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WARSAW May 17 Poland's central bank may keep
interest rates at their current record lows until the end of
2018 because inflation is expected to stabilise below the bank's
target, the head of the bank reiterated on Wednesday.
Speaking after the bank's rate-setting panel kept the key
rate at 1.50 percent for the 26th consecutive month, central
bank Governor Adam Glapinski said he was fine with the zloty's
current exchange rate despite its recent gains.
"In my opinion, even by the end of 2018 there may not be a
need for an interest rate hike if inflation is at a level at
which it is forecast," he told a news conference, adding rates
would not be raised this year for sure.
Glapinski said the central bank currently expects inflation
to remain at about 2 percent for a "longer" period of time.
The central bank has an inflation target of 2.5 percent,
give or take one percentage point.
Consumer prices ended more than two years of declines in
November last year and price growth hit 2.2 percent in February,
pushing the inflation-adjusted interest rate into negative
territory for the first time in five years. Inflation then
slowed to 2.0 percent in March and April.
Poland's $490 billion economy grew by an annual 4 percent in
the first quarter, the fastest pace in over a year and ahead of
analysts' expectations, confirming a rebound in the European
Union's largest eastern member.
The acceleration was probably driven by a pick-up in
investment and gains in consumption that were supported by
record-low unemployment and new child benefit payments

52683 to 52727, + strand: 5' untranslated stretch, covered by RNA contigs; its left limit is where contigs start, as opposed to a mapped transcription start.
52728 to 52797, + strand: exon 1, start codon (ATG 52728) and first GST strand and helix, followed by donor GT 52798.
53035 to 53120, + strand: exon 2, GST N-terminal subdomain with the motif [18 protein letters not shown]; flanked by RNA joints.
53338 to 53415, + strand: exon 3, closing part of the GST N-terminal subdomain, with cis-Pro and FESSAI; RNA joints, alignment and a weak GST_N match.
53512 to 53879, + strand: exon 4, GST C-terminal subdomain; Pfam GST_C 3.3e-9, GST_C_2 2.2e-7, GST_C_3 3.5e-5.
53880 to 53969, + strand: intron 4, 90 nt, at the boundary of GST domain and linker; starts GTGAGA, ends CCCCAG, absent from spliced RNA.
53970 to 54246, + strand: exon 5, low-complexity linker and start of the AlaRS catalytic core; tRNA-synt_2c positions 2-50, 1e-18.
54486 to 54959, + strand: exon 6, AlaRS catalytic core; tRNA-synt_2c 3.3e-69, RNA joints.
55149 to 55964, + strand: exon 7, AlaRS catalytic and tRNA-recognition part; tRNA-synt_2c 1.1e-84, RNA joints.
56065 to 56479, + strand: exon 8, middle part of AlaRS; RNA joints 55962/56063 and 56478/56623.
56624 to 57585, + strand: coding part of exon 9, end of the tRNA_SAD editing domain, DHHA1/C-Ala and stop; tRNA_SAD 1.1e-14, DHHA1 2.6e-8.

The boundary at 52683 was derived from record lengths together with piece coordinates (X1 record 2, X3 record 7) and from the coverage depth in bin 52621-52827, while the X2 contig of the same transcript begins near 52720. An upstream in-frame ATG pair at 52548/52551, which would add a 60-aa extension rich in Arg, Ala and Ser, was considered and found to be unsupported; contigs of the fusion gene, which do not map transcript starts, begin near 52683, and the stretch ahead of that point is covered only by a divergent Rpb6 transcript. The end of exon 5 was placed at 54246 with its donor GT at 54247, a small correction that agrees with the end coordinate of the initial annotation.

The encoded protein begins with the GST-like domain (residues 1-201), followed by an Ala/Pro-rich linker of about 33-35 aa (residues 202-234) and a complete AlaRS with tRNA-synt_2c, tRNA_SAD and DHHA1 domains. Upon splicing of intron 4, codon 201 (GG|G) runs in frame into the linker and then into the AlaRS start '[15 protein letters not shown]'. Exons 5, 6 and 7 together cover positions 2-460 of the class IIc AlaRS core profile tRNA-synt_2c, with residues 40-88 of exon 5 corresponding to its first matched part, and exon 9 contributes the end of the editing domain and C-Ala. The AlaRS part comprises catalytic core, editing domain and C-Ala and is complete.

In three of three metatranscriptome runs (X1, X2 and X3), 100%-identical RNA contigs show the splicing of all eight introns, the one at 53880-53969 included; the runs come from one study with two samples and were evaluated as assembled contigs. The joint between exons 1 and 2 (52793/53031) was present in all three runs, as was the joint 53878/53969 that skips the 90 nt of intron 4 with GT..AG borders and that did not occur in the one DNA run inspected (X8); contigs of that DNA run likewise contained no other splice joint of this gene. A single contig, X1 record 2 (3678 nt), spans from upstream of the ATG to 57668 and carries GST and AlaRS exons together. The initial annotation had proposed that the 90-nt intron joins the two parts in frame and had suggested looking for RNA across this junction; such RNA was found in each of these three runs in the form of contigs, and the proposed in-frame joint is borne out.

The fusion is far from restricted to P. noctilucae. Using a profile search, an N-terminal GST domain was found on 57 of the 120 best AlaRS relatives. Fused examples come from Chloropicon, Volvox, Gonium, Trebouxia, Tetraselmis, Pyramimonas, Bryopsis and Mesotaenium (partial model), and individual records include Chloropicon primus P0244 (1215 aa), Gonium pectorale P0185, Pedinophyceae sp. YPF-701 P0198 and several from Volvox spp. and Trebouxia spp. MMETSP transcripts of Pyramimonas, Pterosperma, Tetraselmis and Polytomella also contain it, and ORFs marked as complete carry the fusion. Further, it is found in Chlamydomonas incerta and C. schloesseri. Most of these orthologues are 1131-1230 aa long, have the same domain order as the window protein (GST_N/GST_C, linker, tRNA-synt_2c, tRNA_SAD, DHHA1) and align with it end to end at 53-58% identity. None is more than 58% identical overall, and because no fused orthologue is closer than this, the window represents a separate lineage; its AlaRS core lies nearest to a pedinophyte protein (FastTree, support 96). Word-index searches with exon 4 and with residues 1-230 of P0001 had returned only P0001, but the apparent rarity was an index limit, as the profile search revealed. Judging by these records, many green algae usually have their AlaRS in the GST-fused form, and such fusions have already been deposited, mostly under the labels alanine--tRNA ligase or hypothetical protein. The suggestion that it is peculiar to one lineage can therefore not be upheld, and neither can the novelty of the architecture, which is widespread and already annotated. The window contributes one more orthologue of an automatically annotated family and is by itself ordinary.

introduced last year, analysts have said.
"I would be surprised if this year's GDP growth did not
reach 4 percent," Glapinski said, adding there were no
imbalances, bubbles or other threats present in the economy.
"And we have a moderate growth rate of wages."
Nevertheless, Glapinski said the rate-setting Monetary
Policy Council's was carefully observing the labour market when
assessing if there was a potential need to change its current
wait-and-see policy stance.
The MPC's last interest rate move was a
half-percentage-point cut in March 2015. Analysts polled by
Reuters expect the bank will keep rates stable until a
25-basis-point increase in the second quarter of 2018
Speaking about the zloty, Glapinski said he was fine with
the current exchange rate, adding that it facilitated economic
The Polish currency has gained about 7 percent versus the
euro since early December and traded at 4.1899 per euro by 1526
($1 = 3.7604 zlotys)
(Reporting by Pawel Sobczak and Marcin Goettig; Additional
reporting by Bartosz Chmielewski; Writing by Marcin Goettig;
Editing by Larry King)